(Network Protocol)

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Network Protocol
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What is X.21?

X.21 (sometimes referred to as X21) is an interface specification for differential communications introduced in the mid-1970s by the ITU-T. X.21 was first introduced as a means to provide a digital signaling interface for telecommunications between carriers and customers' equipment. This includes specifications for DTE/DCE physical interface elements, alignment of call control characters and error checking, elements of the call control phase for circuit switching services, and test loops. When X.21 is used with V.11, it provides synchronous data transmission at rates from 600 bit/s to 10 Mbit/s. There is also a variant of X.21 that is only used in select legacy applications, “circuit switched X.21”. X.21 normally is found on a 15-pin D-Sub connector and is capable of running full-duplex data transmissions. The Signal Element Timing, or clock, is provided by the carrier (your telephone company), and is responsible for correct clocking of the data. X.21 is primarily used in Europe and Japan, for example in the Scandinavian and German circuit switched networks during the 1980s.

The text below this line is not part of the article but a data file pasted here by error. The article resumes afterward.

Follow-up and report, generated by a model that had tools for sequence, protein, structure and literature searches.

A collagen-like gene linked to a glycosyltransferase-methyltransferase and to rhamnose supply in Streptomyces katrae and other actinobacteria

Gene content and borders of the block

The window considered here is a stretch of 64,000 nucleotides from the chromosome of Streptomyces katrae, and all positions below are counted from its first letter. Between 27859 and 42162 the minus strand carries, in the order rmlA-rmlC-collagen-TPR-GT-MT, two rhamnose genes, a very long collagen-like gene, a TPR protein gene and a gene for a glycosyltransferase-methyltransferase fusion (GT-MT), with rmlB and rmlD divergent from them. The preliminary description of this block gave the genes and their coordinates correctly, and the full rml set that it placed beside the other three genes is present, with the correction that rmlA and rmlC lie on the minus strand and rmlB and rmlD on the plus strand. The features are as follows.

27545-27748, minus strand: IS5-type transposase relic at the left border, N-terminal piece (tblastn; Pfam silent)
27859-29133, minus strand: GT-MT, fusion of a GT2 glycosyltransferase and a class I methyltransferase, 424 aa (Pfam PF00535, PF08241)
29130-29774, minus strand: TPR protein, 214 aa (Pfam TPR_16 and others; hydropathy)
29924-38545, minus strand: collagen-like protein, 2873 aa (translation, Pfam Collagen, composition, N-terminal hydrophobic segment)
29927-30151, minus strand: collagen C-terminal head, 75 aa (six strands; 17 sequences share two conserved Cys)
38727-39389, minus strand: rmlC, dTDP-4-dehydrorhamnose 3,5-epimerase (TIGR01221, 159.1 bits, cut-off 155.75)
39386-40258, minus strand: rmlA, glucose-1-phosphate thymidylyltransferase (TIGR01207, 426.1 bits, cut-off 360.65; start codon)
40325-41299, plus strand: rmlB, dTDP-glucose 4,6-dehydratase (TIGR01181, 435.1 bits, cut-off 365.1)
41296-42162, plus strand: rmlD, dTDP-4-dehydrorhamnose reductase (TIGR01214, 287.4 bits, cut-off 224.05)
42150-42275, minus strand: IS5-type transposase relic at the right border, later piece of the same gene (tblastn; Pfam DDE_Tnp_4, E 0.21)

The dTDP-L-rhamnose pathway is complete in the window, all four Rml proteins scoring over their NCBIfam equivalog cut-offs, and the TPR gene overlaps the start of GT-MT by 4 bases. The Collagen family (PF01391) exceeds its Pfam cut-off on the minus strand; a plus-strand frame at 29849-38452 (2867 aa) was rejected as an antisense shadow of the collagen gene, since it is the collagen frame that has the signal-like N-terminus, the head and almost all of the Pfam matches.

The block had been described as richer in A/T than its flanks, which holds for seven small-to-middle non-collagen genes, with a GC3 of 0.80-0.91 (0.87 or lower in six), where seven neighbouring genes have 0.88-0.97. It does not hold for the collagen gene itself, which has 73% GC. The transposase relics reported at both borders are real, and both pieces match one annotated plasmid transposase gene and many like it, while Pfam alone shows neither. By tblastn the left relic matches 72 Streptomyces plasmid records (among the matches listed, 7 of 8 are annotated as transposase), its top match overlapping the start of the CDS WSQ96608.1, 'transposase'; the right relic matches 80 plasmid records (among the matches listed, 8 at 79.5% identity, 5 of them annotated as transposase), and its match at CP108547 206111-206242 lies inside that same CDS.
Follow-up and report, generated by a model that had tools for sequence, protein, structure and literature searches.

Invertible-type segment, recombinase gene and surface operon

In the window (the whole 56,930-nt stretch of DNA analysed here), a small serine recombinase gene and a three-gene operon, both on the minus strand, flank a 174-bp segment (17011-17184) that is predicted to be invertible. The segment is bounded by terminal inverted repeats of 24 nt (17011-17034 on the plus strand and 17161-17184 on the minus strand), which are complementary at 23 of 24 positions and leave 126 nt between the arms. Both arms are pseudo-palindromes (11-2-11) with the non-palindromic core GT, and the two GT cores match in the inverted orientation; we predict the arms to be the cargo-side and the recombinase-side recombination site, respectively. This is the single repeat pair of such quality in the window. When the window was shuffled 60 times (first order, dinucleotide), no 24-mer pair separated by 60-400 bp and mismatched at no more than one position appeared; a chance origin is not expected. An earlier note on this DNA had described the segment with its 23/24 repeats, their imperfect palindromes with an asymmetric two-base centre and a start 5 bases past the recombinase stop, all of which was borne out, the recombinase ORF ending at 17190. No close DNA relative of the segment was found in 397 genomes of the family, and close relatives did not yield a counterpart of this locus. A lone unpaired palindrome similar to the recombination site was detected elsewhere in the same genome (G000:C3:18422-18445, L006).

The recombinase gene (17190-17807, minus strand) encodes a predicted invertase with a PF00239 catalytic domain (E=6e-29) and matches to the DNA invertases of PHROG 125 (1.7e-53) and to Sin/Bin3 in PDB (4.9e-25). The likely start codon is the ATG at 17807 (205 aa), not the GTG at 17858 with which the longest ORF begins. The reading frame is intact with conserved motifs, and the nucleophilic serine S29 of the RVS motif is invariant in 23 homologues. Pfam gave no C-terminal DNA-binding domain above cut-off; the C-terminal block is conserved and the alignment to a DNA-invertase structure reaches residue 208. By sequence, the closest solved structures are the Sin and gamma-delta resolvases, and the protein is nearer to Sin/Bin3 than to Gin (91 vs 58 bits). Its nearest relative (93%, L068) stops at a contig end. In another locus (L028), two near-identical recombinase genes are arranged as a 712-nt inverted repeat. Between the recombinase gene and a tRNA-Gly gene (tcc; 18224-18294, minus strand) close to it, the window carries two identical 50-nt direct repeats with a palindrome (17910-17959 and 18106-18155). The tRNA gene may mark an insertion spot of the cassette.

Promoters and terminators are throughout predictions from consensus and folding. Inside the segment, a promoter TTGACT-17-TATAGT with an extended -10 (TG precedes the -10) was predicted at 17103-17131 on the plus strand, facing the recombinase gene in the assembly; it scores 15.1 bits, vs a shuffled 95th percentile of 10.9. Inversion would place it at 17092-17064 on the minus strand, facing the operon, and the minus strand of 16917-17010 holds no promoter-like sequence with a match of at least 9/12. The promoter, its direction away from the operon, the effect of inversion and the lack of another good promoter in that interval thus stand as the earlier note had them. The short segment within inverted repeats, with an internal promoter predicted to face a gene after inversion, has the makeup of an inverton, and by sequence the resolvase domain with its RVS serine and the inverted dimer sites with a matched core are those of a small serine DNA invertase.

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 — Date merged: 11/6/2021, 1:32:54 PM
 — Date scraped: 5/20/2021, 6:13:50 PM